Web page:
Rationale: Bronchopulmonary dysplasia (BPD) is a serious neonatal pulmonary condition associated with premature birth, but the underlying parenchymal disease and trajectory are poorly characterized. The current National Institute of Child Health and Human Development (NICHD)/NHLBI definition of BPD severity is based on degree of prematurity and extent of oxygen requirement. However, no clear link exists between initial diagnosis and clinical outcomes.
Objectives: We hypothesized that magnetic resonance imaging (MRI) of structural parenchymal abnormalities will correlate with NICHD-defined BPD disease severity and predict short-term respiratory outcomes.
Methods: A total of 42 neonates (20 severe BPD, 6 moderate, 7 mild, 9 non-BPD control subjects; 40 ± 3-wk postmenstrual age) underwent quiet-breathing structural pulmonary MRI (ultrashort echo time and gradient echo) in a neonatal ICU-sited, neonatal-sized 1.5 T scanner, without sedation or respiratory support unless already clinically prescribed. Disease severity was scored independently by two radiologists. Mean scores were compared with clinical severity and short-term respiratory outcomes. Outcomes were predicted using univariate and multivariable models, including clinical data and scores.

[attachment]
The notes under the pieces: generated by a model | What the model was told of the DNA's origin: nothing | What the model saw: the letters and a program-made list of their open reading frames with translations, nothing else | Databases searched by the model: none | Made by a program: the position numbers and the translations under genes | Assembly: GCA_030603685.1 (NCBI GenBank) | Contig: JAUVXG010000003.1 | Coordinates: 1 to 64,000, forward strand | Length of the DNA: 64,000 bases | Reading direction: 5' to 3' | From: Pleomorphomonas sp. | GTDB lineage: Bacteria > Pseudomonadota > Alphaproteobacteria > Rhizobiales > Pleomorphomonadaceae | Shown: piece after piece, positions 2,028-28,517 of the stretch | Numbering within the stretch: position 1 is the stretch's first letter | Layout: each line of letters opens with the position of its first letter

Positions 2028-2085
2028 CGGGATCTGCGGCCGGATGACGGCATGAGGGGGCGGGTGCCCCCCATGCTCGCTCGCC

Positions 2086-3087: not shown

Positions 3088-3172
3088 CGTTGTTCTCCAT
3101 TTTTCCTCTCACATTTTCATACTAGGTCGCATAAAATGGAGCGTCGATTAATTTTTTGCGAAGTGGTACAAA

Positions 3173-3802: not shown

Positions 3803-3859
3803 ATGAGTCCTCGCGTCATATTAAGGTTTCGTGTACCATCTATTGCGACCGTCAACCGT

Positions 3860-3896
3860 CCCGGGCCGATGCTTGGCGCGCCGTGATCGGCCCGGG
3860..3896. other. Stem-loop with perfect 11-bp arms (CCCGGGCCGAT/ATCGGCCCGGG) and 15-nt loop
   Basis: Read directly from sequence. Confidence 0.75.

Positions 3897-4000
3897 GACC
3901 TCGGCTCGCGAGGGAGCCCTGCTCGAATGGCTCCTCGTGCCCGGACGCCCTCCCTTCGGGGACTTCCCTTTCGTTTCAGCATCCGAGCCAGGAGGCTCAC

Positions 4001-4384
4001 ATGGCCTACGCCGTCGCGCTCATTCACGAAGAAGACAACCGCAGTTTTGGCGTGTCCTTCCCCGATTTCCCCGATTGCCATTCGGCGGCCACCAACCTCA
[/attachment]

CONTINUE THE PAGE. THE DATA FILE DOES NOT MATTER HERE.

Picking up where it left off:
Measurements and main results: MRI scores significantly correlated with severities and predicted respiratory support at neonatal ICU discharge (P < 0.0001). In multivariable models, MRI scores were by far the strongest predictor of respiratory support duration over clinical data, including birth weight and gestational age. Notably, NICHD severity level was not predictive of discharge support.
Conclusions: Quiet-breathing neonatal pulmonary MRI can independently assess structural abnormalities of BPD, describe disease severity, and predict short-term outcomes more accurately than any individual standard clinical measure. Importantly, this nonionizing technique can be implemented to phenotype disease, and has potential to serially assess efficacy of individualized therapies.
Keywords: bronchopulmonary dysplasia; magnetic resonance imaging; neonatal lung disease; outcome prediction modeling; prematurity.